Baldur von Schirach, the Gauleiter of Vienna (and sometime head of the Hitler Jugend), deported, by his own proud admission, “tens of thousands of Jews from this city.” Many perished as a consequence. (Schirach was eventually convicted of crimes against humanity at Nuremberg.) By the time Vienna’s Jews were mostly deported, Schirach, the son of a theater director, ordered the production of The Merchant of Venice (May 1943). Shylock was played by Werner Krauss, best known for having taken on the leading role (many roles, actually) in The Jew Suess. This was a Nazi propaganda film made under the charge of none other than Josef Goebbels. Screened in parts of Nazi-occupied Europe on the eve of SS “actions,” it was intended to justify cruelties to come and to remove sympathy for victims. One critic, in an article entitled “Shylock der Ostjude” (“Shylock the Eastern European Jew”), hailed Krauss for having achieved so convincing a simulacrum of the pathological “East European Jewish type.” Here, Nazi genocidal aims and achievements were explicitly tied to the didactic staging of Merchant. After viewing the play, the audience was to understand the necessity of Schirach’s rigorous actions and presumed to agree with his own self-assessment: that in sending tens of thousands of Viennese Jews to their deaths, he had made “a positive contribution to European culture.”
The Nazi affection for Merchant stands in stark contrast to Hollywood’s long pretense, increasingly understandable over the course of the twentieth century, that the play did not exist. Although about 10 made-for-television versions have been produced, Hollywood hadn’t taken on the project at all since the silent era. It’s not an easy project to take on. The anti-Semitic use of the play, and in particular the character of Shylock, must have discouraged many talented directors. Beyond that, Shakespeare’s texts (unlike the Gospels, for example) are not known to many American movie viewers, and few are going to be as interested in the depiction of the character of Shylock as the death of Jesus of Nazareth.
That’s a shame, because Michael Radford’s Merchant of Venice (with Al Pacino’s bravura performance as Shylock) represents one of the best adaptations of an important Western cultural text to the silver screen ever made. While director-writer Radford (Il Postino) “picks and chooses,” his screenplay does not distort. He does not make things up or presume to improve upon Shakespeare’s script. The characters speak English, which Radford knows to be the lingua franca of Elizabethan England. There are no historical or textual howlers, nothing unintentionally funny. There are no cartoonish Jews. The blood is minimal (the spit, alas, is not). The relationship of Jewish father and daughter is extremely affecting, the portrayal of Jewish social life sympathetic and of Jewish religious life profoundly respectful. The Christians are not heroic. While not quite contemptible, they are not in the least admirable, either.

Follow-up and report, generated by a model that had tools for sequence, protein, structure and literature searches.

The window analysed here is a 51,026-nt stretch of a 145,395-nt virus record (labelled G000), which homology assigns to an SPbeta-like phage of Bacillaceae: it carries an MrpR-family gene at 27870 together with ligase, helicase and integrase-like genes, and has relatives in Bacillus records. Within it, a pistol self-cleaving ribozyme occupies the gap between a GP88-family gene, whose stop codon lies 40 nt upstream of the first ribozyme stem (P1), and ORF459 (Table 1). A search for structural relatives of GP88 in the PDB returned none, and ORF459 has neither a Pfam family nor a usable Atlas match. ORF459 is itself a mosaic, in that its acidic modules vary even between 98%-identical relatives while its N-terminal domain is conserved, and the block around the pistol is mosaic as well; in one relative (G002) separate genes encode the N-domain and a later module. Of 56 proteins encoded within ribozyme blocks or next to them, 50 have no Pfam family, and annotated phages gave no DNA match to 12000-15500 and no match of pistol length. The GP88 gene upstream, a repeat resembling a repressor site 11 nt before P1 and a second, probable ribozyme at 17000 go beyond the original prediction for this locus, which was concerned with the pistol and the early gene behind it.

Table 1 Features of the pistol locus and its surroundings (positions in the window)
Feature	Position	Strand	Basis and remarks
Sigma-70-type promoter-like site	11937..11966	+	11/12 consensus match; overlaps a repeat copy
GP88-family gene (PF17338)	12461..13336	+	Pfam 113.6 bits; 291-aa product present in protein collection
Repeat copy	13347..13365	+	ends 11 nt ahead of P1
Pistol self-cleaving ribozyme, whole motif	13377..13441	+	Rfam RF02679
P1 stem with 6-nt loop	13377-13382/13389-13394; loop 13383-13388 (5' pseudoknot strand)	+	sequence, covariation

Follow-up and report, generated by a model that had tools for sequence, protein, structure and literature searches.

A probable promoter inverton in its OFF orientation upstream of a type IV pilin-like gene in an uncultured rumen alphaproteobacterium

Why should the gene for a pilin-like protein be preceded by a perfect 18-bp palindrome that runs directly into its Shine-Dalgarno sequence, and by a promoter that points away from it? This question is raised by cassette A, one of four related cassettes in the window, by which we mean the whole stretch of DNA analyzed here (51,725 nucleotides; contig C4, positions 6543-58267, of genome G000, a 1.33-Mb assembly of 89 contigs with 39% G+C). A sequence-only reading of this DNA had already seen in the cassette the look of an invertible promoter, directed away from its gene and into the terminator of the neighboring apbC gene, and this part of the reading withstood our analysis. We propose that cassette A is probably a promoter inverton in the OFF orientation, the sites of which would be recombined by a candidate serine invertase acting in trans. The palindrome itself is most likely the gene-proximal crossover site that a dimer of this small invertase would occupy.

What really makes Radford’s film a triumph, though, is that he makes Shylock sympathetic without making him either likeable or villainous. Even though Radford expunged from the text some of the lines in which he seems most vile, Shylock still comes off badly. Radford never tries to make us like him. However, he does make us understand the conditions that help to explain him. A prologue (probably necessarily) reminds the viewer that Jews in sixteenth-century Venice were ghettoized, pressed into the unpopular role of moneylenders, and stigmatized visually by red hats, making them more readily vulnerable to abuse. The first time we see Shylock, socializing on the Rialto, Antonio spits on him as a usurer. Meanwhile, the other Christians are—besides spitting—drinking, gambling, and whoring, their essential paganism underscored by the lavish background of Venice, whose gorgeousness Radford uses to great effect.
Radford also never lets us forget the things that Shakespeare wanted us to remember. That Shylock is in danger of losing a great deal of money. That he loses his beloved daughter (who also steals from him). That Antonio is allowed to get away, in court and by Christian magistrates, without paying his debt. That Shylock rightly calls for “justice” to be done. That he must convert and is banned from the synagogue. That he is, in the end, brought low by Christians. All of this is expressed beautifully by Pacino and by Zuleikha Robinson, who plays Jessica. Radford makes it clear that far, far more dear to him than the loss of his bond is the loss and betrayal of his daughter and his ancestral faith. When Shylock learns he is to be converted, Pacino majestically buries his face in his hands, ruthlessly cut off from the rich religious tradition and the Venetian community in which he had been cradled and nourished. It’s one of the most affecting scenes in the movie, second in dramatic power perhaps only to the final scene, in which Radford brilliantly focuses on Jessica, who ponders with deep ambivalence all she has given up by marrying a Christian and leaving her father.
By the close of the film, we can only agree with Shylock that he has been “more sinned against/Than sinning.” Seeing the play with the knowledge of its exploitation by Hitler, and in the aftermath of the Holocaust, one is almost tempted to say of what happens to Shylock what Samuel Johnson said of the fate of Desdemona: “it is not to be borne.”
Kevin Madigan is Associate Professor of the History of Christianity at Harvard Divinity School. His book Ordained Women in the Early Church will be published by Johns Hopkins this spring.